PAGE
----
THE ELECTRONIC AND OPTICAL PROPERTIES OF COLLOIDAL LEAD-SELENIDE SEMICONDUCTOR NANOCRYSTALS
Quantum dots of the IV-VI semiconductors, and specifically lead selenide, strongly confine both electrons and holes, leading to a dramatic modification of the bulk semiconductor properties. This dissertation is devoted to the study of the electronic and optical properties of colloidal lead-selenide nanocrystals or quantum dots. We begin by discussing the synthesis and characterization of high-quality colloidal lead-selenide nanocrystals with a narrow size distribution and well-passivated surfaces. With diameters between 3 and 8 nanometers, these lead-selenide quantum dots exhibit size-quantized transitions in the infrared region of the electromagnetic spectrum and exhibit bright band-edge photoluminescence tunable from approximately 1000 to 2000 nanometers. These properties are extremely promising for applications. The current theoretical understanding of the electronic states of IV-VI semiconductor quantum dots is based on envelope function approaches and tight-binding methods. While successful in explaining many features of the electronic structure, all current calculations fail to explain the presence of additional peaks in the optical absorption spectrum of lead-selenide and lead-sulfide quantum dots. We re-examine the leading explanations for these unexplained transitions and also consider a new possibility, that of enhanced electric quadrupole transitions. In addition, the degeneracy of the lowest optical transition in IV-VI quantum dots is predicted to split by the intervalley coupling of the 4 equivalent L-valleys in the first Brillouin zone. Low-temperature photoluminescence and size-selective photoluminescence experiments reveal, for the first time, a splitting in the emission spectra of lead-selenide and lead-sulfide nanocrystals. These observations are consistent with a theoretical treatment of the splitting of the lowest transition in lead-selenide quantum dots due to intervalley coupling.The dynamics of electrons and holes are crucially influenced by quantum confinement. In the strong confinement limit, a dramatic reduction in the excited state (or intraband) relaxation rate of carriers is predicted to occur. With its sparse electronic states and simple energy spectra, lead-selenide quantum dots represent an ideal material system in which to study the intraband carrier relaxation. We present the first measurements to directly time-resolve the intraband relaxation of electrons and holes in lead-selenide nanocrystals. Prior theories cannot explain the observed picosecond time-scale intraband relaxation and we discuss several possible explanations.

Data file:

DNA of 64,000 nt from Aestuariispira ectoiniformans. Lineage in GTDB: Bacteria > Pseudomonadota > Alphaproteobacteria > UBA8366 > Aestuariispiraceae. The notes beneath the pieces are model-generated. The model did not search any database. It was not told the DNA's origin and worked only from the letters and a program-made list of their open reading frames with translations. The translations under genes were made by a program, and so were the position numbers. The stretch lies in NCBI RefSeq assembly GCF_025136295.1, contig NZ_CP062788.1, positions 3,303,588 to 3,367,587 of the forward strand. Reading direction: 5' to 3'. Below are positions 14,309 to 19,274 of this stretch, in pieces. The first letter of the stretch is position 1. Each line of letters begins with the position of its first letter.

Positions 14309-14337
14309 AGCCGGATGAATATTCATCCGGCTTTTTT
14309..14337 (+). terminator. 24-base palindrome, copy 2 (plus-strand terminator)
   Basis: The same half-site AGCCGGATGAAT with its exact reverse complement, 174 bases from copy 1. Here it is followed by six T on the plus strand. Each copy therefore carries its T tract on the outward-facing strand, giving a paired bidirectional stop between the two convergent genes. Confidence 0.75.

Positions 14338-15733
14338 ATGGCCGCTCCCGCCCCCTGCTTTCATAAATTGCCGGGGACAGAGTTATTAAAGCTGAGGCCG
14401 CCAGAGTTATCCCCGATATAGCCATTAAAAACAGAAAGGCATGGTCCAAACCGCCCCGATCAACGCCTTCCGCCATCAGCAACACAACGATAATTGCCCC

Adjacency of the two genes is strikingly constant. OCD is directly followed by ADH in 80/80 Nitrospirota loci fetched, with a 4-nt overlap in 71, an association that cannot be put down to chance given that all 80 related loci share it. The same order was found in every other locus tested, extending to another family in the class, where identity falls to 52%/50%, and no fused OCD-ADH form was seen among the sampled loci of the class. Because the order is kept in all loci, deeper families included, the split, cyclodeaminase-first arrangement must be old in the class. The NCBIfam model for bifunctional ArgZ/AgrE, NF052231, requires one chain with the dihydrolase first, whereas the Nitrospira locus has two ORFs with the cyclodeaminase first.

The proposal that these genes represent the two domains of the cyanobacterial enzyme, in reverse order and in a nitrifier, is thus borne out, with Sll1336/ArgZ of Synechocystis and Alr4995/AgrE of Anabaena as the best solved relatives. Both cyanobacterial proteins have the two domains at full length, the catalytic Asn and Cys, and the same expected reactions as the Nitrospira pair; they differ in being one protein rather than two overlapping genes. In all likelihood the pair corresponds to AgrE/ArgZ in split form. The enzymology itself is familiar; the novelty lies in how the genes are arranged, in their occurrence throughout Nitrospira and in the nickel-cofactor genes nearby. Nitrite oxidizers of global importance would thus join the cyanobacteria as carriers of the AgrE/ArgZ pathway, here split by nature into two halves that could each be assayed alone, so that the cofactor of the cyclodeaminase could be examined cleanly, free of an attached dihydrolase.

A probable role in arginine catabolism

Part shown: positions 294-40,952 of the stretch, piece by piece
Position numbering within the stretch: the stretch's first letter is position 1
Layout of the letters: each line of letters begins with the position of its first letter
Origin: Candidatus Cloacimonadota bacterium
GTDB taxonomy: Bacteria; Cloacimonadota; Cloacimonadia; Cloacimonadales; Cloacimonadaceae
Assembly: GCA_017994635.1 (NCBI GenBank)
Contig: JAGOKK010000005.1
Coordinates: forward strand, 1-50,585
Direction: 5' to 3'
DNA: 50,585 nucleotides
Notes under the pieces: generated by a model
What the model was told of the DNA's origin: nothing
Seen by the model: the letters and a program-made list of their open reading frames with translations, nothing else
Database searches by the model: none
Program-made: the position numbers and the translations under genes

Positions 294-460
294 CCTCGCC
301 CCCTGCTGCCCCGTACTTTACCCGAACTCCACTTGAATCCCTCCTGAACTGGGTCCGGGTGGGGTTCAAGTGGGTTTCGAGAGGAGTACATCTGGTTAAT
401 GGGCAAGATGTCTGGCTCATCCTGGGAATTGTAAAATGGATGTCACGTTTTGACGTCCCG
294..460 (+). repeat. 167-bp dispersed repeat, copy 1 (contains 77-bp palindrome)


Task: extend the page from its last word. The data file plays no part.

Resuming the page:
quantum dots; nanocrystals; PbSe; lead selenide; semiconductors
dissertation or thesis